HIV in Canada: A primer for service providers

 

Treatment of other sexually transmitted infections

Key Points

  • The presence of sexually transmitted infections (STIs) may increase the risk of HIV transmission.
  • Evidence shows that if a person with HIV is taking antiretroviral treatment and maintains an undetectable viral load, they will not transmit HIV sexually, even when an STI is present in either partner.
  • Regular STI testing and treatment should be part of any comprehensive sexual health plan.

STIs impact overall health, and several studies show that they can also increase the chance of HIV transmission.

STIs may increase the risk of HIV transmission to an HIV-negative person through two mechanisms. First, STIs (and certain genital conditions such as yeast infections and bacterial vaginosis) cause inflammation, which is a natural immune response. This response brings additional immune cells to the site of the STI and activates these immune cells to help fight the infection. This is meant to be protective; however, HIV targets these immune cells for infection and prefers to target activated immune cells. The more activated immune cells present, the more cells HIV can infect and replicate (or make additional copies of itself) within. This allows HIV to replicate more quickly and cause a permanent infection. Second, some types of STIs (e.g., herpes and syphilis) can damage the mucous membranes making it easier for HIV to enter the body through ulcers in the genitals or rectum.

People who are HIV positive and on antiretroviral treatment with an undetectable viral load do not transmit HIV through sex, even if an STI is present. However, in people with HIV who are not maintaining an undetectable viral load, having an STI may increase the risk of passing HIV. If a person is HIV positive and has an STI, inflammation brings more virus to the site of the STI. More virus is present because inflammation brings more “activated” CD4 cells to the site of the STI and along with it HIV that has infected these cells. HIV also replicates more quickly in CD4 cells that have been “activated” through inflammation. Thus, inflammation can increase the HIV viral load in a particular area, which can increase the risk of passing HIV to someone else.

STI management is only a partially effective way to prevent HIV transmission on its own, because treating STIs can reduce but not eliminate the risk of HIV transmission. HIV does not rely on the presence of STIs in either partner to be passed through sex. However, regular testing and treatment for STIs is important for sexually active people to include in their comprehensive sexual health plan.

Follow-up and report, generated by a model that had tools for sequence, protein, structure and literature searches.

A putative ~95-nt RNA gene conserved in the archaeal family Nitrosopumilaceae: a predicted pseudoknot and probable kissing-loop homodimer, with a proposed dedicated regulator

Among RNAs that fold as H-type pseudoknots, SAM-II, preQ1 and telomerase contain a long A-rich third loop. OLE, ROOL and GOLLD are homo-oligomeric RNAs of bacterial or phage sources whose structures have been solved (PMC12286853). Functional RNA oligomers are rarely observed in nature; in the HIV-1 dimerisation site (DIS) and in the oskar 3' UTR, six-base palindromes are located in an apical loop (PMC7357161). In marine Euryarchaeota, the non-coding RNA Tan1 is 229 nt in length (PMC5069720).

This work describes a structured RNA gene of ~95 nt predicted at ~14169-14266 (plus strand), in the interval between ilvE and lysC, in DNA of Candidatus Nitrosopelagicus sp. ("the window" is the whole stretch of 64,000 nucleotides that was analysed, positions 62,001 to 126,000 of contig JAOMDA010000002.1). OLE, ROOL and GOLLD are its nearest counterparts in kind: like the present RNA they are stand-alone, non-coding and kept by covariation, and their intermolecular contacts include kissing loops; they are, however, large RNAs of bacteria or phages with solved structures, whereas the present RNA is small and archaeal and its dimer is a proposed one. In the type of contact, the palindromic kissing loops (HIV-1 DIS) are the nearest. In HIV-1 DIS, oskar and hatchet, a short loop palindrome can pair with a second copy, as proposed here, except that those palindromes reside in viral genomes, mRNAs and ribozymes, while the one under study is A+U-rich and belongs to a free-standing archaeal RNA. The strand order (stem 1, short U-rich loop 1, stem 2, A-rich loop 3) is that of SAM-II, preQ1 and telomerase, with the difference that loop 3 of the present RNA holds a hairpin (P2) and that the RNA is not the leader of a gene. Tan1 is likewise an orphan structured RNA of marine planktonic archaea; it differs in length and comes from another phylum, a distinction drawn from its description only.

Resource

Treating Sexually Transmitted Infections to Prevent HIV Transmission

Human immunodeficiency virus (HIV) sexual transmission risk with bacterial sexually transmitted infection (STI) co-infection – Public Health Ontario

Canadian guidelines on sexually transmitted infections – Public Health Agency of Canada

Gonorrhea – CATIE/SIECCAN fact sheet

Chlamydia – CATIE/SIECCAN fact sheet

Syphilis – CATIE fact sheet

Genital herpes – CATIE/SIECAN fact sheet

Sources

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  3. Bavinton, BR, Pinto, AN, Phanuphak, N et al. Viral suppression and HIV transmission in serodiscordant male couples: an international, prospective, observational, cohort study. The Lancet HIV. 2018 Aug 1;5(8):E438–E447.
  4. Johnson LF, Lewis DA. The effect of genital tract infections on HIV-1 shedding in the genital tract: a systematic review and meta-analysis. Sexually Transmitted Diseases. 2008 Nov;35(11):946–959.
  5. Grosskurth H, Mosha F, Todd J, et al. Impact of improved treatment of sexually transmitted diseases on HIV infection in rural Tanzania: randomised controlled trial. The Lancet. 1995 Aug 26;346(8974):530–536.
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  7. Wawer MJ, Sewankambo NK, Serwadda D, et al. Control of sexually transmitted diseases for AIDS prevention in Uganda: a randomised community trial. Rakai Project Study Group. The Lancet. 1999 Feb 13;353(9152):525–535.
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